COVID-19 pandemic: A call to look back into our tradition and recover collectively


– R. Soundravel, Chairman and Chief Consultant Physician, Rajam Medical Centre and Hospital, Coimbatore

When the COVID-19 pandemic emerged as a threat to the entire world early in 2020, the World Health Organisation, medical bodies in every county and experts urged people to follow some simple precautions to prevent the spread of the SARS CoV-2, the virus which causes the disease.

The basic precautions included: physical distancing, wearing of mask, hand washing and cleaning surfaces that are frequently being touched by people.

Though the current civilization achieved great heights including sending robotic helicopters to Mars, we stood completely helpless before a virus. The virus continues to pose a threat in the form of new variants.

The pandemic has taught us an important lesson that we should not forget the hygienic practices of our great old tradition.

If we look back into our culture, some of these practices were part and parcel of the lives of our ancestors which they followed for a healthy lifestyle.

People used to keep their houses, premises and public places clean and disinfect them using the available natural remedies including turmeric solution.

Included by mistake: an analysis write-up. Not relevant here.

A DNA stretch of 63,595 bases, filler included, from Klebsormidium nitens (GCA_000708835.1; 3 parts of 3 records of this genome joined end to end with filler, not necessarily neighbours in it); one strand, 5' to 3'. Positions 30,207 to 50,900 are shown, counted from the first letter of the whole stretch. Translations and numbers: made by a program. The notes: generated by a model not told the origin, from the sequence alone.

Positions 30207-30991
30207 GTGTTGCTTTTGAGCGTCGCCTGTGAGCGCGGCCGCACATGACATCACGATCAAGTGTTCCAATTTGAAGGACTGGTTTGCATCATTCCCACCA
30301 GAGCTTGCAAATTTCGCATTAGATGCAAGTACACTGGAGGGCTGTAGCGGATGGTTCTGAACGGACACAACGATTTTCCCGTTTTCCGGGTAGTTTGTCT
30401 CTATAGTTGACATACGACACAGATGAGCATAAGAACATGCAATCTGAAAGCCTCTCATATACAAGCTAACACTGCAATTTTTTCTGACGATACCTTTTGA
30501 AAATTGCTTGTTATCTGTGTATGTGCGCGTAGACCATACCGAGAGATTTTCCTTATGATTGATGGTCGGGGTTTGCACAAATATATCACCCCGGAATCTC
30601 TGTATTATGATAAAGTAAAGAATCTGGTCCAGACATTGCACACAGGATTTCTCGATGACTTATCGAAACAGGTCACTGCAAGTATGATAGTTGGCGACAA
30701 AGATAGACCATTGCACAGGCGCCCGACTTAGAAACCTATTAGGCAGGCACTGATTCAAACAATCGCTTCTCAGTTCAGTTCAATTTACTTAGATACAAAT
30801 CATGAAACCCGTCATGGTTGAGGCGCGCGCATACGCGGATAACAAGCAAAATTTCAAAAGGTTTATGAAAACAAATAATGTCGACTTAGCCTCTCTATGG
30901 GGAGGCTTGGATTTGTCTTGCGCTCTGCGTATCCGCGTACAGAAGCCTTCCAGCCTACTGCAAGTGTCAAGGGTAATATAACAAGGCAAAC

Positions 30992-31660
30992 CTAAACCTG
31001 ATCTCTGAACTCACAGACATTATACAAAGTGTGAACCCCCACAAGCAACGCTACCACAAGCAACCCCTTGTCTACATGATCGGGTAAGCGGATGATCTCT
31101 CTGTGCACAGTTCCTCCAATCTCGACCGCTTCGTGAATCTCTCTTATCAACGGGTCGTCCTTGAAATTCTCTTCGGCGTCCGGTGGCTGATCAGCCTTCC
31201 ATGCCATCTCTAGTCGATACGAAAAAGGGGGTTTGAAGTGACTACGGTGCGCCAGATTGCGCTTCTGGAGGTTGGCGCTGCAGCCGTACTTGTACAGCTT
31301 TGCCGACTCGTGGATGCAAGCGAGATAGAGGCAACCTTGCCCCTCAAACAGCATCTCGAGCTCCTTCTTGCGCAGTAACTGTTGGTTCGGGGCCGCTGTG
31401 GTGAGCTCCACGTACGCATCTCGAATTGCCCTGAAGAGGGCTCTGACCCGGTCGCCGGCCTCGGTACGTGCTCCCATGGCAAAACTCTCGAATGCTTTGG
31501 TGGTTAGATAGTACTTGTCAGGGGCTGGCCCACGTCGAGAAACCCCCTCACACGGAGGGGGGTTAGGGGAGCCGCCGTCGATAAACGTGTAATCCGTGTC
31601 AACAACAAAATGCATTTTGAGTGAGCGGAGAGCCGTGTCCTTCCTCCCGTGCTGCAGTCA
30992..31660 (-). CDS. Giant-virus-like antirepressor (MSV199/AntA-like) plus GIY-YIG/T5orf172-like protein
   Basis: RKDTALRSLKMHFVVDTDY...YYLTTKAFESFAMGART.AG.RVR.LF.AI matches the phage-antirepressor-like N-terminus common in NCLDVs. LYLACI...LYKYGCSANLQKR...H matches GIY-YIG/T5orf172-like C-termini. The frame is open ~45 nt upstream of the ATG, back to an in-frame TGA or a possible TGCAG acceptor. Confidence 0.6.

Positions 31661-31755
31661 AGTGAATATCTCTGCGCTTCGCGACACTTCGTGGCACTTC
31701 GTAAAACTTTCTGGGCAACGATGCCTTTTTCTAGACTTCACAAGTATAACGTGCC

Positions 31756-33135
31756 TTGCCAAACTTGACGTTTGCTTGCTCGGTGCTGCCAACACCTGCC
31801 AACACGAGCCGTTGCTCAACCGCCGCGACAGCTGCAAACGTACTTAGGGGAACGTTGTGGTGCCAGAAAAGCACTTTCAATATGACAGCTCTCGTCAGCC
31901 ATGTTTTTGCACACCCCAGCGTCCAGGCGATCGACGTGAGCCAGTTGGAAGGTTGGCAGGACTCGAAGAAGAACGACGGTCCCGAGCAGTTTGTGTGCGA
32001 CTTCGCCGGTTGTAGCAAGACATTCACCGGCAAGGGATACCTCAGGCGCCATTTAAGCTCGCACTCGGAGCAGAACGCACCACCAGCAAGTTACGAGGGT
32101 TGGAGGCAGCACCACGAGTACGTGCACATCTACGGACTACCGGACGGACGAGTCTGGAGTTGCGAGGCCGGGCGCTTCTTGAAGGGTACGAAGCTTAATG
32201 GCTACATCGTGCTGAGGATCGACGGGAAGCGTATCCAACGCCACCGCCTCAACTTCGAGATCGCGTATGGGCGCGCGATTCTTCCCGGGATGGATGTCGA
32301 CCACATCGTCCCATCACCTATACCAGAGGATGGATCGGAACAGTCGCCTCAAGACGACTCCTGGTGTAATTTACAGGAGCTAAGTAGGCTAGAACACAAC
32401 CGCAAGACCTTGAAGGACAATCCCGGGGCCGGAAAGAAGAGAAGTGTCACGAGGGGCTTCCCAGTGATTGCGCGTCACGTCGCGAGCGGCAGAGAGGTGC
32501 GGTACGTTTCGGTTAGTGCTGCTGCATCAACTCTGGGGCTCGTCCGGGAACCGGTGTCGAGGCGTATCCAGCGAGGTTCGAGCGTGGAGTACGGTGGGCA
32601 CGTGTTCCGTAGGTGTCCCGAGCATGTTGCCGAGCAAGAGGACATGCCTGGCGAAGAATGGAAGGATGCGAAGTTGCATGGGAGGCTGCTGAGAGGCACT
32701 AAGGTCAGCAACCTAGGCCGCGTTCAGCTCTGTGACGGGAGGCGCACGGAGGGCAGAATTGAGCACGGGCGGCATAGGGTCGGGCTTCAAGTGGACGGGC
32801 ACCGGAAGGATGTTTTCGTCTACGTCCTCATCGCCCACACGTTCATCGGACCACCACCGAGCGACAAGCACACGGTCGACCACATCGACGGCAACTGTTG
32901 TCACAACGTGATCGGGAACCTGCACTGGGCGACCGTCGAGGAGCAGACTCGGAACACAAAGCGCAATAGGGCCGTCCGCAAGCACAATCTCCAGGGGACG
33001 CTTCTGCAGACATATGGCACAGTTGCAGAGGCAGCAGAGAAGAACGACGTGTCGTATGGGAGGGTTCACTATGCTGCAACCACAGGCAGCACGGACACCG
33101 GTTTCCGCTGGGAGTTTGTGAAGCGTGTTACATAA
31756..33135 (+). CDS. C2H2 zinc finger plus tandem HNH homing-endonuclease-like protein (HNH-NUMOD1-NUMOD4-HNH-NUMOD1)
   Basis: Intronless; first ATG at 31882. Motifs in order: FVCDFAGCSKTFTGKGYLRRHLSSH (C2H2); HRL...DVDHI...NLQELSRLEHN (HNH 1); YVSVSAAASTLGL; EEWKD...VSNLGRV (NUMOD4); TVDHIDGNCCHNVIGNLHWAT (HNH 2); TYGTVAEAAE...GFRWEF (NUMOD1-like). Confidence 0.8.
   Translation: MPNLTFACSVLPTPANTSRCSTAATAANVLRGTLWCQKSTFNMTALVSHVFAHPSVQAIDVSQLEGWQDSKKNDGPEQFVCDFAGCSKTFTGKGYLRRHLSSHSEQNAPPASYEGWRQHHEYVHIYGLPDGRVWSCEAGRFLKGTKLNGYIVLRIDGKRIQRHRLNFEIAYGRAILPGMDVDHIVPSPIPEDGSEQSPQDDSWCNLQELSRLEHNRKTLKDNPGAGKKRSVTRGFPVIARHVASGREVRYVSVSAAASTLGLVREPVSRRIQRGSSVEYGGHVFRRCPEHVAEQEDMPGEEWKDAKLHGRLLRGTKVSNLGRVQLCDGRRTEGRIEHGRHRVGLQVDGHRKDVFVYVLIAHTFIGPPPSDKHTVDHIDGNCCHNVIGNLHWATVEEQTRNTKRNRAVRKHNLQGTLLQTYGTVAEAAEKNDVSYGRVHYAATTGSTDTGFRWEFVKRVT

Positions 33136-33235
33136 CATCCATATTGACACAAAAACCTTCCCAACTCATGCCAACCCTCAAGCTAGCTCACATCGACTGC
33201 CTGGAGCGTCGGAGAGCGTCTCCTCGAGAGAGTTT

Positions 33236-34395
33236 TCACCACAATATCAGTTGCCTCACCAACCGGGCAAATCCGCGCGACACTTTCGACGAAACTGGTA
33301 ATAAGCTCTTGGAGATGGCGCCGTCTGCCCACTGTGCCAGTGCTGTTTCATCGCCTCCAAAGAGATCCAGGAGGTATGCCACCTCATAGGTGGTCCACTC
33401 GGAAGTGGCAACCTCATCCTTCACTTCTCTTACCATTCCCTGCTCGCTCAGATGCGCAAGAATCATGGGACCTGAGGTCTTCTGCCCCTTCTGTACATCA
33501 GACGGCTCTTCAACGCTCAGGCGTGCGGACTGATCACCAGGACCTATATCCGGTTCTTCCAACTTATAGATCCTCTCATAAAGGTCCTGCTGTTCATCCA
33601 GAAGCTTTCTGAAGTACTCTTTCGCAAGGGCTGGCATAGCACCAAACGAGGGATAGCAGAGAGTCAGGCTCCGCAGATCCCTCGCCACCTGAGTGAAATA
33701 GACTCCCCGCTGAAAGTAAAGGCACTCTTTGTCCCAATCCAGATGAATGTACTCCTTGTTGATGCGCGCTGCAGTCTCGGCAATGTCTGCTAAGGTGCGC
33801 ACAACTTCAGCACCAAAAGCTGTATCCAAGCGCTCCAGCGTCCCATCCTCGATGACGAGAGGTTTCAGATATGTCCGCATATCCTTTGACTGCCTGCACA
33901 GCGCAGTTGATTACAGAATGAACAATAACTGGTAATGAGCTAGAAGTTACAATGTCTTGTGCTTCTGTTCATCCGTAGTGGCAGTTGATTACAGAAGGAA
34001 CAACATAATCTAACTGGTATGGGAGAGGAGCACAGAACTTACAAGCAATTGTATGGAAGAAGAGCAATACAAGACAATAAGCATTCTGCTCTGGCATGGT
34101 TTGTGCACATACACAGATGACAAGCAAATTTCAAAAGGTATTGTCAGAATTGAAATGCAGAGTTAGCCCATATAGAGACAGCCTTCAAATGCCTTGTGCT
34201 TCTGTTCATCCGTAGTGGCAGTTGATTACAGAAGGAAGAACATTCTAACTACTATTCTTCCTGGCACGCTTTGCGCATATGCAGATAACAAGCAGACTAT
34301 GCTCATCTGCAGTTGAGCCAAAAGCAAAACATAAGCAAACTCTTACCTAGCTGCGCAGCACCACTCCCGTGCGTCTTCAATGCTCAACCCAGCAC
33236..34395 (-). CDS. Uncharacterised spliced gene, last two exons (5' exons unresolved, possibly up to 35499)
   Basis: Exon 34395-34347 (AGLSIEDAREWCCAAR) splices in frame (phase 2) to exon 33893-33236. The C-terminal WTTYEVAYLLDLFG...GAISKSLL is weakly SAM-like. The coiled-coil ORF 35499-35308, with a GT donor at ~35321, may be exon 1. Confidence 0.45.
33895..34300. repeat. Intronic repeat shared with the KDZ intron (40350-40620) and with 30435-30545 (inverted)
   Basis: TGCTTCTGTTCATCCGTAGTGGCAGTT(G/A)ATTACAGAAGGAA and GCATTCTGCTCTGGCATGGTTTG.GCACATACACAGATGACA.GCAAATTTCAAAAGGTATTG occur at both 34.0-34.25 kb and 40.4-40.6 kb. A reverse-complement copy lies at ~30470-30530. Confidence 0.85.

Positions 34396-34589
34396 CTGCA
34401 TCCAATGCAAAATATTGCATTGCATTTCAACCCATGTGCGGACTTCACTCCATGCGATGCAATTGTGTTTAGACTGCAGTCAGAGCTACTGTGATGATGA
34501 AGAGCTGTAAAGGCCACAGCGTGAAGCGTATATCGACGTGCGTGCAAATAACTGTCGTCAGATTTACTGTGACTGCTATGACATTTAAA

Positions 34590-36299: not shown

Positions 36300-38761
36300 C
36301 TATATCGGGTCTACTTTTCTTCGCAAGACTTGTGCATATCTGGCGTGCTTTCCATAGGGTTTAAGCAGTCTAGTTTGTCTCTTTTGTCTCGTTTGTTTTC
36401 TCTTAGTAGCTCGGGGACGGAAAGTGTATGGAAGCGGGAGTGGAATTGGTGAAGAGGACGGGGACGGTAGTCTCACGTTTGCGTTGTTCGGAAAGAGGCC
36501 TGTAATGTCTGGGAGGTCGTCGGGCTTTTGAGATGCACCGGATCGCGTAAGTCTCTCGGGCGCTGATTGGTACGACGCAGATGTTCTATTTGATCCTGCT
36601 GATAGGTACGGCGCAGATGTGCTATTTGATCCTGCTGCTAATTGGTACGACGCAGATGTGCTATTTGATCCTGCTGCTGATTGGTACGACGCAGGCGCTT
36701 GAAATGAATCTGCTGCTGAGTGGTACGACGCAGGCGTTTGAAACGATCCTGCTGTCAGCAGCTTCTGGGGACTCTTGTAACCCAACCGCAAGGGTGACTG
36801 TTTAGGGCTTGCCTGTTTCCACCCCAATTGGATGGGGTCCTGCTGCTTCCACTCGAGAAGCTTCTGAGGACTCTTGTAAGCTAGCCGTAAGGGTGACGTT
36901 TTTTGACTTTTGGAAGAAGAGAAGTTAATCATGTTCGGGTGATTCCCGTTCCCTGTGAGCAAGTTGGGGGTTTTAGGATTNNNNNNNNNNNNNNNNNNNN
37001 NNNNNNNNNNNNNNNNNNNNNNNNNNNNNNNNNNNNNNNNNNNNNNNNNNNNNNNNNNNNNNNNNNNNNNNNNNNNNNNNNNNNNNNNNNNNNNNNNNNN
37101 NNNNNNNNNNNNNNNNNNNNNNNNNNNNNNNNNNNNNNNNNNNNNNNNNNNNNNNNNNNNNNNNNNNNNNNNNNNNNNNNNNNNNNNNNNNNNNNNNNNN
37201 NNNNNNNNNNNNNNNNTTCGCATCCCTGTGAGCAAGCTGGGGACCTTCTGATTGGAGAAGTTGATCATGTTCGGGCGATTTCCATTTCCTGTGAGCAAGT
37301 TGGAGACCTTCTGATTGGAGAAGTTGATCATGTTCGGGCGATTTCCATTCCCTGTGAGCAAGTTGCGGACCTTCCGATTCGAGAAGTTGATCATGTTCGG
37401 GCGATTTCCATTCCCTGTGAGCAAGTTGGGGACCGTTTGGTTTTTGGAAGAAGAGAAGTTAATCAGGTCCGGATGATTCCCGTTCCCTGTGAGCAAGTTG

Hand washing was part of the personal hygiene of our ancestors who used to wash hands before entering houses after going out for various purposes.

When the pandemic struck the world, people were asked to maintain physical distancing and to avoid handshaking. It was our custom to say ‘namaskaram’ to show our respect to others from the olden days and we refreshed the habit during the pandemic.

In a nutshell, COVID-19 has taught us to brace some of our old traditions to stay away from a virus which claimed the lives of lakhs of people in India and worldwide.

The country and our State was forced to go into lockdowns as the virus spread fast mainly because people failed to follow these basic hygienic practices.

Doctors, nurses, health workers, police and staff from various government departments are still struggling to control the spread of COVID-19.

Community participation and social responsibility of individuals are important factors which can prevent further spread of the pandemic.

Though it is more than a year since the pandemic started, we are yet to understand the virus fully to design strategies and treatment protocols. New variants of the virus are getting reported from different parts of the world.

Hence, my appeal to the public on the occasion of the National Doctors’ Day is to follow the advice of the government and experts, spread humanity and empathy in the time of distress and embrace our traditional values for a complete recovery from the pandemic as a community together.

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